Petrus Ferdinandus Johannes Pierre van Hooijdonk or Aziz Pierre, as he is known to Turkish football fans, is yet another Dutch player who has made a huge impact wherever he has played. Not only was he a prolific striker, especially dangerous at free-kicks, but at a height of 6-foot 4-inches not easy to man mark or compete with in the air writes Andries Oosterveen.
Van Hooijdonk was born in 1969 in Holland in the small town of Welberg, which is located near to Steenbergen. As a youngster, he was a big fan of NAC Breda but began his life as a footballer by playing for the youth team of SC Welberg. Eventually after attending an open day at NAC, he was spotted by the club scouts and signed for them where he would play as a right-sided midfielder. Three years later at the age of 14, he was released and played amateur football as a striker for five years, two of which were in the actual first team.
In 1989, RBC Roosendaal were having financial problems and highly reliant on youth players. It was here that Van Hooidjonk got his first chance initially with appearances off the bench, where he would score goals. As confidence grew in him and RBC´s main striker was suffering with injuries, Van Hooijdonk ended up playing two seasons there between 1989 and 1991, and would go on to play a total of 69 games and scoring 33 times. His boyhood team NAC Breda, eventually took notice and in 1991 he signed up without a second thought for NAC Breda, for an astonishing price of four Dutch Guilders.
At Breda, Van Hooijdonk would play there between 1991 and 1995 for 115 games and score 81 goals. He had extra determination to show them what he could do and had not forgotten being told he was not good enough years before whilst playing in their youth teams. He helped the team gain promotion to the Eredivisie and set a goal scoring record of 11 consecutive games whilst also receiving his first international call up. All this was to be rewarded with a transfer to Scottish footballing giants Glasgow Celtic in 1995.
At Celtic, Van Hooijdonk´s incredible goal scoring would continue. In Britain, he was not well known but by the end of his time at Celtic it would be far from that. He played for Celtic between 1995 and 1997, making 84 appearances and scoring 52 goals. Not a bad way to introduce yourself to Britain. Sadly towards the end of his time there he did not have a good relationship with Celtic owner Fergus McCann and a transfer to the English club Nottingham Forest quickly followed in 1997.
Despite Nottingham Forest battling against relegation his two year spell there between 1997 and 1999 led to him making 71 appearances and scoring 36 goals. Despite this, he was not able to stop the club from being relegated and his decision to go on strike after certain promises were broken to him in regards to investment in the team did not go down well with fellow players, fans, the media and the club’s owners. After finally being allowed to leave he decided to return to Holland.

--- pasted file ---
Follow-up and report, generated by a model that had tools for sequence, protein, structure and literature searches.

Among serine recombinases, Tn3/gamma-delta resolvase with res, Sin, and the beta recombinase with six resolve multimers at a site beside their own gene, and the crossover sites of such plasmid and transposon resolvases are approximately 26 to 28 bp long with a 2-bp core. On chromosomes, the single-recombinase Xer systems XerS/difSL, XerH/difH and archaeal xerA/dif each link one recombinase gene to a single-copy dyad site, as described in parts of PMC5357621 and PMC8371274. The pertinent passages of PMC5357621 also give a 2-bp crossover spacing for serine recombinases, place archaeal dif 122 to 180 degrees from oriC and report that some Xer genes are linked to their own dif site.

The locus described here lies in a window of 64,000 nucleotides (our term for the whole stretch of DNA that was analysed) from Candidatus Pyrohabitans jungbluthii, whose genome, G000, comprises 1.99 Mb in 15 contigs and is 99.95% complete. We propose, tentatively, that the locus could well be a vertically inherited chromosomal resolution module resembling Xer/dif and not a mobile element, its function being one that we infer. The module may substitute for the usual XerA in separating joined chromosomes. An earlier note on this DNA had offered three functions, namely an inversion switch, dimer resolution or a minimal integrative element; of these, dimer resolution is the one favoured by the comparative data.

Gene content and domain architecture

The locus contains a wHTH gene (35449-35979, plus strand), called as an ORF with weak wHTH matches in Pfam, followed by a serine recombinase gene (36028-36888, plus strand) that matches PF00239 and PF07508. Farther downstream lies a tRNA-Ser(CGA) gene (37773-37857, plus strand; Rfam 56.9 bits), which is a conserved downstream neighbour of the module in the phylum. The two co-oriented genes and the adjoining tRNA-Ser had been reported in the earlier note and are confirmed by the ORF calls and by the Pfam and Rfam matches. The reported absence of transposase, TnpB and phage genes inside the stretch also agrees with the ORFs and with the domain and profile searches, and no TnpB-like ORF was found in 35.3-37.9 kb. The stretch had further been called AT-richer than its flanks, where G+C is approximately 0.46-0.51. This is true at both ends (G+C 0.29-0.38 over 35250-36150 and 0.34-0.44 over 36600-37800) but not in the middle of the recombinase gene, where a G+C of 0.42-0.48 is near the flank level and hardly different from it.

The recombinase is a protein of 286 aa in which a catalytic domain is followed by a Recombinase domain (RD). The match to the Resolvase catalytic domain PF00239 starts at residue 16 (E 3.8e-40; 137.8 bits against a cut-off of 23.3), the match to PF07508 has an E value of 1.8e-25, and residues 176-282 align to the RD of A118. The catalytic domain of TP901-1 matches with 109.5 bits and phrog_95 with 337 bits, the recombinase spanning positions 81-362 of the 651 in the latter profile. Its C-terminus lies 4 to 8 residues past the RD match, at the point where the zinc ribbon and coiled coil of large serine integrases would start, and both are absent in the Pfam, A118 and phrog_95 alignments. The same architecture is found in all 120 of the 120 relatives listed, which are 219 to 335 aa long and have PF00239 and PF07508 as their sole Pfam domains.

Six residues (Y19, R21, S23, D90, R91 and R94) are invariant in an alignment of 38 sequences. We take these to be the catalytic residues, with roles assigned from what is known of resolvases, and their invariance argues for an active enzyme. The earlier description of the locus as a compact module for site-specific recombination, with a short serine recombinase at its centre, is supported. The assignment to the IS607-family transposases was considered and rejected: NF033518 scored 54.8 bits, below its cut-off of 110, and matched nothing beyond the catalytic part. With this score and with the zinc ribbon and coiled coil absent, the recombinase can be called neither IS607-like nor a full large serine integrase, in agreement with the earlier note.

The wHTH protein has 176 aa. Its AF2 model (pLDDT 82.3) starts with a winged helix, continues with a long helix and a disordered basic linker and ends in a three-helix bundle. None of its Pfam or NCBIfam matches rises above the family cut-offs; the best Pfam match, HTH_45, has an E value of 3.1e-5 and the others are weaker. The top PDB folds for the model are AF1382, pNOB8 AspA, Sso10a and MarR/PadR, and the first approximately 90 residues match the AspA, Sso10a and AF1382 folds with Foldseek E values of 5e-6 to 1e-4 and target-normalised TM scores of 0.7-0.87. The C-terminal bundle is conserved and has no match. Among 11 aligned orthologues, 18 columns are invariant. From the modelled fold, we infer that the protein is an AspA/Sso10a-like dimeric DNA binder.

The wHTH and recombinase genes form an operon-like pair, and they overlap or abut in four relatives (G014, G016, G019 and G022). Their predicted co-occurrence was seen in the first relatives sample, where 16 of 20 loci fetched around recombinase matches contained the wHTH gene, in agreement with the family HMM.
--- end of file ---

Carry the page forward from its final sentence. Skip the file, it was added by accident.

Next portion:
Between 1999 and 2001, Van Hooijdonk played for one season at Vitesse Arnhem and one season in Portugal at Benfica. Both periods were successful for him and allowed him to shake off the bad reputation he had achieved whilst at Nottingham Forest. At Vitesse, he played a total of 29 games scoring 25 and at Benfica playing 30 games and netting 19 times. As with Forest, internal problems within the administration at Benfica forced him into having to move. So in 2001 Van Hooijdonk signed for Dutch giants Feyenoord and brought with him, his trademark free-kicks and superb goal to game ratio. Between 2001 and 2003, he scored 52 goals in 61 games. One of the most memorable games in which he had a great influence on with his free-kicks was the 2002 UEFA Cup Final which was held in Rotterdam against Bundesliga side Borussia Dortmund. He scored two special goals in the final which would go down in Feyenoord folklore. However as still is the story today, Feyenoord´s financial position was not nice reading and they were forced to sell him to Fenerbahce in Turkey.
Until then Van Hooijdonk did not stay at any one club for long but at Fenerbache he was able to win his only two league titles and his figures of 32 goals in 52 games between 2003 and 2005 earned him the nickname of Saint Pierre or Aziz Pierre with the Fenerbahce faithful. He was now slowly coming to the end of his career and in 2005 returned for the final time to Holland where he had two short spells with NAC Breda, scoring 5 goals in 17 games before leaving in 2006 and finishing his career at Feyenoord where he played until 2007, 37 games and scoring 8 goals.
Internationally he made 46 appearances for Holland and scored 14 goals. Wherever he went he made an impact and clearly is one of the best strikers Holland has ever produced. Besides commentary work it is good to see that he is not lost from the game and is strongly involved with coaching youngsters at Feyenoord’s Varkenwood Academy in Rotterdam.
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